I’m honestly not that bothered about protecting idiots. I am interested in protecting the systems whereby we make collective decisions that effect all of us, though.
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22-03-2018, 19:23   #8
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I'd probably be of a similar vintage, and yeah, the internet was always something you wouldn't take too seriously.Or there was always the possibility it was a pisstake. But yeah times are changing. I suppose it's gotten more sinister or something, but on some level I think it would lose some of its charm if you couldn't take the piss. Yeah, this is kind of why I'm still weird about internet dating..id definitely not be surprised if instead of that eastern European cutie id arrive up and there'd be some fat 50 year old dude..
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22-03-2018, 19:27   #9
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Its a knee jerk reaction.
People are acting butthurt and surprised that a platform spefically designed to profile consumers to allow specific and targeted advertising, was exploited by a company to allow specific and targeted ads!

Facebook should never have allowed a permission that enables 3rd party access to profiles that did not explicitly consent.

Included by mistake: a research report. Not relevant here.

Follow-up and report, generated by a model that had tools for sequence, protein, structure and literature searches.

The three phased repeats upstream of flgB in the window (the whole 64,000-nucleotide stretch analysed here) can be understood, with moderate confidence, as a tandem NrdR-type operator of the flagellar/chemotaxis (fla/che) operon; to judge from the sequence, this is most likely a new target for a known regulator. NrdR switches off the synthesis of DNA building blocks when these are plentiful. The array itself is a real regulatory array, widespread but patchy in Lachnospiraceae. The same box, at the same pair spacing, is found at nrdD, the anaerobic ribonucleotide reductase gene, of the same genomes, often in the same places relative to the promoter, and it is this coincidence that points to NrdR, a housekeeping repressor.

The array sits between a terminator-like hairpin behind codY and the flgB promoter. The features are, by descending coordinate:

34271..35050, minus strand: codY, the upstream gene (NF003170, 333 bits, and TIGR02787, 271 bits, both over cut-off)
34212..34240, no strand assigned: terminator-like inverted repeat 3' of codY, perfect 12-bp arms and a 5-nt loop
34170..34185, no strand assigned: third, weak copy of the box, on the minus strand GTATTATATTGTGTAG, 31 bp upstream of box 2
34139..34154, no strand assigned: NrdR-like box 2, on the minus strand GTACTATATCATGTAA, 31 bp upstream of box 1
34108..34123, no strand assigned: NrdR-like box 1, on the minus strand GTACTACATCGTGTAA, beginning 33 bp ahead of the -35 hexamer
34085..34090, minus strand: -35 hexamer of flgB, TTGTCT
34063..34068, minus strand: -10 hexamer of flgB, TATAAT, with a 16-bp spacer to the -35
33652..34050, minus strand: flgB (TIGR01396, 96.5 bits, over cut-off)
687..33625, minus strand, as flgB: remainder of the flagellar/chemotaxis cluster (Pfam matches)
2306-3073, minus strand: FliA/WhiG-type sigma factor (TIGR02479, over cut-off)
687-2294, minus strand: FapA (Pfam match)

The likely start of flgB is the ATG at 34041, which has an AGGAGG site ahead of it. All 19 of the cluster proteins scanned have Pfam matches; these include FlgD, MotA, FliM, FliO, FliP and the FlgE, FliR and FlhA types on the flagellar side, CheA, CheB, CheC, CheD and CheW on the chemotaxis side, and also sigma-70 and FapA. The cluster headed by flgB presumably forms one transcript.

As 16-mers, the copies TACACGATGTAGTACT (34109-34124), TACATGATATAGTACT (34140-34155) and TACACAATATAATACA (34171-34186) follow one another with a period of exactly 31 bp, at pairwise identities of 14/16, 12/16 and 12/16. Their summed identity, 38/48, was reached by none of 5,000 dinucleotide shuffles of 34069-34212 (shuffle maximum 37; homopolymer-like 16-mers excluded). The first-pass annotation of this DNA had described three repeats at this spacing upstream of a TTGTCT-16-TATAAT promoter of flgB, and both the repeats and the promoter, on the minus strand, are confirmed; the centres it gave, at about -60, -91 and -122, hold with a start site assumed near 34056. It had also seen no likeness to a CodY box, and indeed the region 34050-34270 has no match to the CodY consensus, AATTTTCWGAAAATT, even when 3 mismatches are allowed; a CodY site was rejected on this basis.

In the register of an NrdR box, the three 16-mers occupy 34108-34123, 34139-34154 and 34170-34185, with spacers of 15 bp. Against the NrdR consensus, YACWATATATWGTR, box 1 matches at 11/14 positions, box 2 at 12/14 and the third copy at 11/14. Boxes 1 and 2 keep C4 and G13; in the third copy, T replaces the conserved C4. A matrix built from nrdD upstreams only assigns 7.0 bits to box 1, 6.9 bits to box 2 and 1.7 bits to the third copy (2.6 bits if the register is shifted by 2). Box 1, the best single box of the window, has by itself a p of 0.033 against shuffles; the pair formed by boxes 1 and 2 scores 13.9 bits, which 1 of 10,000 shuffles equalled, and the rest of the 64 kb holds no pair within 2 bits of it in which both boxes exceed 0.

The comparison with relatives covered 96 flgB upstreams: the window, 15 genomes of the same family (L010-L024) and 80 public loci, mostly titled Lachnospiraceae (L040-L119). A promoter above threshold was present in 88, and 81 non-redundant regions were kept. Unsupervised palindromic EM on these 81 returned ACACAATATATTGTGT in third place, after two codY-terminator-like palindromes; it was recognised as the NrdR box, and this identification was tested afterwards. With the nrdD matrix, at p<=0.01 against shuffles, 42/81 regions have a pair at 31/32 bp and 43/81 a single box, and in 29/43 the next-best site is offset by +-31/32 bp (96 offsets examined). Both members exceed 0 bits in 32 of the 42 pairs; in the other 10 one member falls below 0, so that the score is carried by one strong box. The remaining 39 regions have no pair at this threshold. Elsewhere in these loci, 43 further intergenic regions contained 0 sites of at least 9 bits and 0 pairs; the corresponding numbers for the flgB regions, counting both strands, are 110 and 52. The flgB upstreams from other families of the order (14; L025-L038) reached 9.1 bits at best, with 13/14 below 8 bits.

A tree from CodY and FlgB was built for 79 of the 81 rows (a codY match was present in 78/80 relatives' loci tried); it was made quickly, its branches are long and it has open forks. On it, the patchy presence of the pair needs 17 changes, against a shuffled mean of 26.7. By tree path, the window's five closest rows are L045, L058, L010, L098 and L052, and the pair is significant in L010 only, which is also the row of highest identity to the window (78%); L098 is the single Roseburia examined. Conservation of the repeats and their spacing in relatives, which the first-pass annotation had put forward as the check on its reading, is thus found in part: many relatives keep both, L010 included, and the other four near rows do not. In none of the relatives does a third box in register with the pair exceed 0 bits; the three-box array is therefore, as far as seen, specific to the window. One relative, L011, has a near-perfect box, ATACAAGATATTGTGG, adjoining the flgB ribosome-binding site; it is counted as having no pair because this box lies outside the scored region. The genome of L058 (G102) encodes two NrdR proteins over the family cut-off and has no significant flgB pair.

It should not have been allowed that by 1 person accepting a 3rd party app, that their entire friend list is fair game.
I can't contract on behalf of a 3rd party, and my choice to complete the survey or app that allowed the access should only have allowed access to my profile, not every profile associated with me.

I dont use or authorise 3rd party apps on FB for this very reason.
Aside from the usual profile privacy awareness.
Granted C.A made much more specific use of the data than most, but it really was only to be expected that a polling company would seek to exploit the wealth of psychological data people freely share to swing a poll.
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22-03-2018, 19:31   #10
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Great thread idea. I haven't yet seen anything to convince me that CA's targeted news (or any other factor like Ze Russians) was decisive in the Trump or Brexit votes.

Old media sees the Internet as a potentially mortal competitor and jumps all over things like this to reestablish their credibility.